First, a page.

Volume 44, Issue 5
  • ISSN: 0002-9637
  • E-ISSN: 1476-1645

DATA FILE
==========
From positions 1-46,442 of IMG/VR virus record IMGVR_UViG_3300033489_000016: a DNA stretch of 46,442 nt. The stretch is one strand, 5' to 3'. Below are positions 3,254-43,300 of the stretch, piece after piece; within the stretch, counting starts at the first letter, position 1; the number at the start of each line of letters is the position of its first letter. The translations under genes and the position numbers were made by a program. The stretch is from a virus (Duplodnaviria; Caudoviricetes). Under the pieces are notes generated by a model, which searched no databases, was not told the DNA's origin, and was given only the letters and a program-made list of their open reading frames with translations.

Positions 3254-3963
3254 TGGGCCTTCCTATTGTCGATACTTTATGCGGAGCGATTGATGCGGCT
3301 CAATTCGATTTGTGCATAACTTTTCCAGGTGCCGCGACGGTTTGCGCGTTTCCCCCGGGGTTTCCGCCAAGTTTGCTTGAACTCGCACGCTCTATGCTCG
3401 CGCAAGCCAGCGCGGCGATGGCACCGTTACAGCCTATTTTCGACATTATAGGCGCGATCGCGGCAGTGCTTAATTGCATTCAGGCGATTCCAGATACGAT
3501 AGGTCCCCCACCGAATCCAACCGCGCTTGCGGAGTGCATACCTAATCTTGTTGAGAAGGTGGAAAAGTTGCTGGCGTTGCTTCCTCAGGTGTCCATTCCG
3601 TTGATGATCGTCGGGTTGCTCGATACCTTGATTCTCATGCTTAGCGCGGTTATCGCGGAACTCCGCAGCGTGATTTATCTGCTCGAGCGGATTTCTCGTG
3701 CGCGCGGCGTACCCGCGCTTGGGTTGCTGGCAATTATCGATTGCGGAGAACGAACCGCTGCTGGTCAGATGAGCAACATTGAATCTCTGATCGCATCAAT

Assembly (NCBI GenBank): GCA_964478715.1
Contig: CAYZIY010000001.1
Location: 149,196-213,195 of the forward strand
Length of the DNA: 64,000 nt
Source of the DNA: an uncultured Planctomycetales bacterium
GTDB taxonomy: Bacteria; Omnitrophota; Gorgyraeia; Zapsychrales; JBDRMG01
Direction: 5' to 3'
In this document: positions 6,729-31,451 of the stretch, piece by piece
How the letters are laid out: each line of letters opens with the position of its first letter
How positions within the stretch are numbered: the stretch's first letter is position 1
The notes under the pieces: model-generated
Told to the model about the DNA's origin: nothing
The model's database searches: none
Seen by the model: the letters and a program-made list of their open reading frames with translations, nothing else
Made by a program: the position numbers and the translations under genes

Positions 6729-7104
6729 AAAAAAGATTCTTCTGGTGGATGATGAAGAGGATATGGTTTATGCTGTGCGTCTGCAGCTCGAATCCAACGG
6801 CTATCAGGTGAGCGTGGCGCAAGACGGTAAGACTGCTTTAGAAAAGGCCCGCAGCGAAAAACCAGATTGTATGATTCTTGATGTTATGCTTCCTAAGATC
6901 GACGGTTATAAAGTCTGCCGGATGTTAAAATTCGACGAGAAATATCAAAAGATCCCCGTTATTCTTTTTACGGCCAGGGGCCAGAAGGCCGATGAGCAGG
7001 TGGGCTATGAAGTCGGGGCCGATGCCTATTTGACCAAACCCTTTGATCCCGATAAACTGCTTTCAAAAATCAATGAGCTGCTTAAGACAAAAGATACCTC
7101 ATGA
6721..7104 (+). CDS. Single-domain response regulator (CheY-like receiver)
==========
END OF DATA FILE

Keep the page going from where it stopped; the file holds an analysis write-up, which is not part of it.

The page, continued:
An M 200,000 phosphorylcholine-containing antigen (PC-Ag) of predominantly adult worm origin was found in the sera of humans infected with . This paper describes results of a longitudinal study of changes in levels of PC-Ag in response to diethylcarbamazine (DEC) therapy as measured by two-site immuno-radiometric assay (IRMA) and Western blotting. One hundred thirty-two residents of a bancroftian filariasis-endemic area of Papua New Guinea (PNG) were treated with a 72 mg/kg dose of DEC. A macrofilaricidal effect was seen with this dose of DEC as 34% of the treated subjects had localized side effects and long-term decreases in microfilariae (mf) counts were observed 12 months after treatment. The PC-Ag levels were reduced to 72%, 52%, and 51% of pretreatment values at 21 days and at six and 12 months after treatment. These decreases, observed by IRMA, were specifically associated with loss of the M 200,000 PC-Ag detected by immunoadsorption and Western blotting. From drug treatment data, the maximum half-life of PC-Ag in circulation was calculated to be 50 days, assuming a first-order decay process. This maximum half-life indicates that persistent antigenemia observed in the majority of treated subjects could only result from the survival of adult worms. In the absence of methods to directly demonstrate adult worms, detection of serum PC-Ag levels provides a sensitive indirect measure of the dynamics of adult worm populations. This serological measurement may be useful in optimizing the macrofilaricidal and therapeutic effects of DEC and in assessing the macrofilaricidal action of new antifilarial drugs and immunological interventions.


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